Satirical art using children's toy characters from the Sylvanian Families to mock Islamic State (ISIS) has been banned from a freedom of speech exhibition over fears of muslim violence.
The work was censored from the schedule at the Passion
for Freedom exhibition at London's Mall Galleries after police raised serious concerns about the possibility of a terrorist atrocity against visitors. Police feared crazed jihadis would take offence and launch a reprisal attack in response to
the heavily mocking artwork.
Officers told exhibition organisers they would have to pay £36,000 to hire extra security if the piece was displayed, forcing the gallery to remove it from display.
The works mocked the Islamist fanatics by
showing them lurking in the background of ordinary family scenes depicted as characters from the popular Sylvanian Families toy set. A description for the piece, called ISIS Threaten Sylvania, said:
Far away, in the
land of Sylvania, rabbits, foxes, hedgehogs, mice and all woodland animals have overcome their differences to live in harmonious peace and tranquillity.
MICE-IS, a fundamentalist Islamic terror group, are threatening to dominate
Sylvania, and annihilate every species that does not submit to their hard-line version of sharia law.
The decision provoked outrage from both the artist, Mimsy, and people online, who said the terrorist group should not be able to
dictate what the British public can see. Mimsy said:
I love my freedom. I'm aware of the very real threat to that freedom from Islamic fascism and I'm not going to pander to them or justify it like many people on the
left are doing.
Author Ben Goldacre tweeted:
Dear The British Police, I want you to protect free speech from violence, maybe spend less time on cannabis smokers?
Censorship CEO Jodie Ginsberg said:
Concerns over terror are being inflated to such an extent that perfectly legitimate, non-criminal expression, is being shut down across Britain: from university campuses, to theatre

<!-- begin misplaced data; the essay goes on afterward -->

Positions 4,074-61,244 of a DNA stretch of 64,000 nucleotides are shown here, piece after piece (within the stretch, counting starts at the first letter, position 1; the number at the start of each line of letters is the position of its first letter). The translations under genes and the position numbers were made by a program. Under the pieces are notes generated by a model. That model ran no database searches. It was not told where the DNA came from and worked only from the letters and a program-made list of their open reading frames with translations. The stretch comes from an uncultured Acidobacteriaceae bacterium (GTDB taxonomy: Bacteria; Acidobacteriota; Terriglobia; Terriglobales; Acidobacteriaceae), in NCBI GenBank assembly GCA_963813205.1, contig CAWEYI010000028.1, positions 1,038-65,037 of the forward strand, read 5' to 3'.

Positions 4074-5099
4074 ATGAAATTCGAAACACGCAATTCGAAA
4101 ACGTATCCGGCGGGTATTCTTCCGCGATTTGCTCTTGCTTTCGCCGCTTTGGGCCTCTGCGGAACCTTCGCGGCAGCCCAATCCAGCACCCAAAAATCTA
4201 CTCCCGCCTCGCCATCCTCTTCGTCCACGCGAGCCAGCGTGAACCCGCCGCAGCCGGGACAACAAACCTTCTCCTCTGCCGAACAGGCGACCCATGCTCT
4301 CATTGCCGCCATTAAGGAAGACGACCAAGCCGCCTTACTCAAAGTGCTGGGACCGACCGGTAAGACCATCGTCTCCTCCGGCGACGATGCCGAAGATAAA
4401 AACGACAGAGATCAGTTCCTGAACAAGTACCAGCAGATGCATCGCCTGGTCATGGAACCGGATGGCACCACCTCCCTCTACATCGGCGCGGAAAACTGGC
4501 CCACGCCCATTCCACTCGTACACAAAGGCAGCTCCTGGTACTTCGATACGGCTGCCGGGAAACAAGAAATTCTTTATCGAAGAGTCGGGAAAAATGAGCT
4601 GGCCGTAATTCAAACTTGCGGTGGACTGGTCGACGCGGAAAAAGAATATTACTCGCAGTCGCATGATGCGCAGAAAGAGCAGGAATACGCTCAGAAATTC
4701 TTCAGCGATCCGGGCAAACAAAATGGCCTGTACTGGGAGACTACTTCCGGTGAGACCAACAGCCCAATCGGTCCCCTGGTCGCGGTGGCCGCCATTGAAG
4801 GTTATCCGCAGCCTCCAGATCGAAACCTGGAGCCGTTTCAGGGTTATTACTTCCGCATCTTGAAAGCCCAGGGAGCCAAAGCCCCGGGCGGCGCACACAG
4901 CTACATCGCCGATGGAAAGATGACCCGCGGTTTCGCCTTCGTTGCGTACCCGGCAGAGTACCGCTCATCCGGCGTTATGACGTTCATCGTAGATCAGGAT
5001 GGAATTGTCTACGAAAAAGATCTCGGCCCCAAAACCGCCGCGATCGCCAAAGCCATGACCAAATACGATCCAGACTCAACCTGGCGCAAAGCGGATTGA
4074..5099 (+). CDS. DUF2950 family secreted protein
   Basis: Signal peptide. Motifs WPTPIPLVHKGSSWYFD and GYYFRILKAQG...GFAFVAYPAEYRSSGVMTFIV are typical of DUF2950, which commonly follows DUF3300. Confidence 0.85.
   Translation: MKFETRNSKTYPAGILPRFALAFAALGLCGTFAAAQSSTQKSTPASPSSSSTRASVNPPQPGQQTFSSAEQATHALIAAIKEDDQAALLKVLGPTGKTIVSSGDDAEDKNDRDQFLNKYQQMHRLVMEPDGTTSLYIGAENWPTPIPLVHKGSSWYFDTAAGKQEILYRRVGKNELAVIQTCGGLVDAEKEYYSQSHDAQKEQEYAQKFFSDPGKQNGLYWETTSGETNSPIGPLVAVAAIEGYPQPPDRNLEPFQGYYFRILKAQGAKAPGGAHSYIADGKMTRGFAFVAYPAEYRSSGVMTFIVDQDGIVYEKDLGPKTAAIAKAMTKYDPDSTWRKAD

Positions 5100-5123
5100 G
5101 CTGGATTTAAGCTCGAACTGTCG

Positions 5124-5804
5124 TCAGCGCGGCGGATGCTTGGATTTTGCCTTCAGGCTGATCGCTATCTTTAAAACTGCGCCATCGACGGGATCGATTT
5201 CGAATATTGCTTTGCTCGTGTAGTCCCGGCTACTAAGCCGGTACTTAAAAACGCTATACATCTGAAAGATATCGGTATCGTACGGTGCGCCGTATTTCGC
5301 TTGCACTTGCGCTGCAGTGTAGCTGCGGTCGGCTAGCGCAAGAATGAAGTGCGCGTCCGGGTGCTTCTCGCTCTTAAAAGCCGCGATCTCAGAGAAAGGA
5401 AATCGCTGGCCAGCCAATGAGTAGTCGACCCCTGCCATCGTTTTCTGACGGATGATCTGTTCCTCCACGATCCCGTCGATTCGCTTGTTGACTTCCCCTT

stages, to art galleries. The upcoming extremism bill could worsen the situation further. In the case of the Sylvanian Families exhibit, we need to do more to ensure that police work with venues to promote freedom of expression, not stifle it.
The US rapper Tyler, the Creator says he has been banned from the UK because of the nature of his lyrics. The Odd Future co-founder recently cancelled four dates including an appearance at Reading/Leeds and tweeted that it was because the authorities
were unhappy with his subject matter.
His manager, Christian Clancy, went into more detail on his Tumblr, saying
Tyler has been banned from entering the UK for somewhere between 3 to 5 years per a letter from the secretary of state
for the home department of the UK. The letter specifically cites lyrics he wrote 6-7 years ago for his albums Bastard and Goblin , the type of lyrics he hasn't written since. Highlights from the letter include that his work encourages
violence and intolerance of homosexuality and fosters hatred with views that seek to provoke others to terrorist acts.
Earlier this month Tyler cancelled the Australian leg of his world tour after a feminist group launched
a petition to have him denied a visa to enter the country. The group, Collective Shout, cited objections to lyrics that include references to rape and violence against women, as well as historic behaviour on earlier tours.
Complaints about Tyler
seem to stem largely from songs on his self-produced 2009 mixtape Bastard, which includes lines such as you call this shit rape but I think that rape's fun as well as references to raping Goldilocks and committing suicide. Most of that record was
written when Tyler was a teenager and he has since written about how he's moved on from the sentiments expressed on it.